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Independence To End Flights On Thursday

United is Flyi's former partner and biggest competitor. United's parent is preparing to emerge from Chapter 11 bankruptcy protection in February.

Flyi's predecessor, Atlantic Coast Airlines Holding Corp., operated as a regional feeder carrier for United from 1989 to 2004. Many Wall Street analysts fault Flyi for rejecting an offer in 2003 to remain with UAL, the second-largest U.S. airline company. The offer would have cut the fixed payments United paid to Atlantic Coast to operate some of its regional flights.

Flyi instead decided in 2004 to form an independent carrier that flooded the market with short-hop, low-fare flights, most on 50-seat regional jets that are expensive to operate.

Flyi chief executive Kerry B. Skeen said in an interview yesterday there was no guarantee the company, employees or shareholders would have fared better if Atlantic Coast had stayed with United. "It's much easier in hindsight to say what didn't work," he said. "But the jury may still be out on those paths as to how well they may have worked."

Flyi suffered from rising jet fuel costs and the aggressive response of competitors, led by United and US Airways. They matched Independence's fares, added flights and sweetened frequent-flier perks. Flyi sold more than 8 million tickets, but many were at money-losing fares, including $29 one way from Dulles Airport to cities such as Newark.

The airline leases 37 airplane parking positions in Dulles's Concourse A, used for regional jets, and it shares eight slots in Concourse B, used for larger jets, from the Metropolitan Washington Airports Authority, which runs the Dulles and Reagan National airports. The fate of those slots will be sorted out in bankruptcy court, Flyi spokesman Rick DeLisi said.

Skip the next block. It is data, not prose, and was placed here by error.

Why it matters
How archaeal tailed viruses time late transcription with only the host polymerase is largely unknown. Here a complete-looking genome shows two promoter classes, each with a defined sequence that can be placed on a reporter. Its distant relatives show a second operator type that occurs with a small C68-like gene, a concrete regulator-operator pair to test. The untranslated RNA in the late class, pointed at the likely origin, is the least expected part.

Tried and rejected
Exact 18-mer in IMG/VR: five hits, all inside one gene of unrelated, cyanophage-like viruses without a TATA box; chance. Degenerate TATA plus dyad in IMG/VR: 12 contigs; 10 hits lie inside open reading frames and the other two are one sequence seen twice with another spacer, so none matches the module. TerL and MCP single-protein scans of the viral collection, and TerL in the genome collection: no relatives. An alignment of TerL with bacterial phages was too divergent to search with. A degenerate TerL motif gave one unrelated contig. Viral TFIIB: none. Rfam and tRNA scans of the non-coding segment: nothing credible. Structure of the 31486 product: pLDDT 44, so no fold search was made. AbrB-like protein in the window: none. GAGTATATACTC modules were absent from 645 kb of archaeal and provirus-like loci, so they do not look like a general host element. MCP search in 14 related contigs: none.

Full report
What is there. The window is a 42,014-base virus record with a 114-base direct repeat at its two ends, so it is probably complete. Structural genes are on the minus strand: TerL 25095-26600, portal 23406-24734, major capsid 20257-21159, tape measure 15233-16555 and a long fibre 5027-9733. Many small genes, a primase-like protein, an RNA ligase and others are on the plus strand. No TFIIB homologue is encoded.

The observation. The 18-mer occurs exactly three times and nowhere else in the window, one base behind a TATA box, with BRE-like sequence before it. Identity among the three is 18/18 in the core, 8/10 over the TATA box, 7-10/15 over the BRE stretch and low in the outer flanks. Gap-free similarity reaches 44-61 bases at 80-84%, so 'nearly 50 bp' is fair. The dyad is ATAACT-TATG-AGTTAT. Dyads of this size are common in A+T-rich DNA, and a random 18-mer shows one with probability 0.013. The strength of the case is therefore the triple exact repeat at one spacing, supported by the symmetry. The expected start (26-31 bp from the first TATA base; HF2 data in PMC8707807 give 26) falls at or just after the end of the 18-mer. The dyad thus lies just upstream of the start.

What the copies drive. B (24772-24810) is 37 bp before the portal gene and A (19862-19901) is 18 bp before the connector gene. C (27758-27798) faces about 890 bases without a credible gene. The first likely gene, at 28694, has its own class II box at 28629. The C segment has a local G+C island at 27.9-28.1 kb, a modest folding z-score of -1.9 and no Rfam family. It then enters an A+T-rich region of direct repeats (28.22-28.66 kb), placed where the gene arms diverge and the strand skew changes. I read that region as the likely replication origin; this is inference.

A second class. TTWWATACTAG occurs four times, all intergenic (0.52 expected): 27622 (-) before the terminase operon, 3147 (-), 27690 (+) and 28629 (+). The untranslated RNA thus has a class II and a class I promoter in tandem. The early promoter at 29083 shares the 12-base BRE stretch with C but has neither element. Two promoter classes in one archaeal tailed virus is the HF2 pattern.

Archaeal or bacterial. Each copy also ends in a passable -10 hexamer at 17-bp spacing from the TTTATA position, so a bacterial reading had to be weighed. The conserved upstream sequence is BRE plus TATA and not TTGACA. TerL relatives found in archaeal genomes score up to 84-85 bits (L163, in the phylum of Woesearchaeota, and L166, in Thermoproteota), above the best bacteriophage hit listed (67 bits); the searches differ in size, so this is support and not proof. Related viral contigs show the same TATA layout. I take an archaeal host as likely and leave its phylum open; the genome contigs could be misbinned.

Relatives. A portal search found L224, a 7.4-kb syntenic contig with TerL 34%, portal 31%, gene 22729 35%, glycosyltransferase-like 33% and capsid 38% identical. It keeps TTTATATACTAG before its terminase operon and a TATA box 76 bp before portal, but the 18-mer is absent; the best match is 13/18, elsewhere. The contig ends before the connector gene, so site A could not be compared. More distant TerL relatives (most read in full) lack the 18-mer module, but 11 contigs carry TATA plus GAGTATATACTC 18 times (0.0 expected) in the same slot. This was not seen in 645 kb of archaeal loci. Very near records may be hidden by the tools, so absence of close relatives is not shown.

A spokeswoman for the airports authority, Courtney Prebich, declined comment on the financial impact of Independence's shutdown on Dulles.

Betsy Snyder, an analyst for Standard & Poor's Corp., the New York credit ratings agency, said she expected JetBlue, which already flies out of Dulles Airport and recently bought new aircraft, to be among the bidders for Independence's slots. She said United also has been ramping up service from Dulles.

Flyi warned as early as last winter that it might have to file for Chapter 11 bankruptcy protection if it could not successfully restructure its operations. All last year, though, the airline publicly held out hope that a solution to its financial problems could be found.

Flyi declared in its bankruptcy filing Nov. 7 that it would shut down if it could not find a buyer by Jan. 7. Flyi said in the filing that it had $378.5 million in assets, $455.4 million in liabilities and $24 million in unrestricted cash on Sept. 30.

On Dec. 23, Flyi sent a letter to employees warning that the airline would cease operations Saturday if it was unable to find a major investor. At least two airline companies, UAL and Mesa Air Group Inc., have expressed interest in bidding for Flyi's assets. Mesa, a Phoenix-based regional carrier, tried to acquire Flyi two years ago.

"While we've been clear in reminding everyone that this was a possibility, we remained optimistic that there would be a way to avoid reaching this juncture," Skeen said in a statement yesterday. "To date there has not been a firm offer put forward that meets the financial criteria necessary to continue operations as is."

Staff writers Keith L. Alexander and Dean Starkman contributed to this report.

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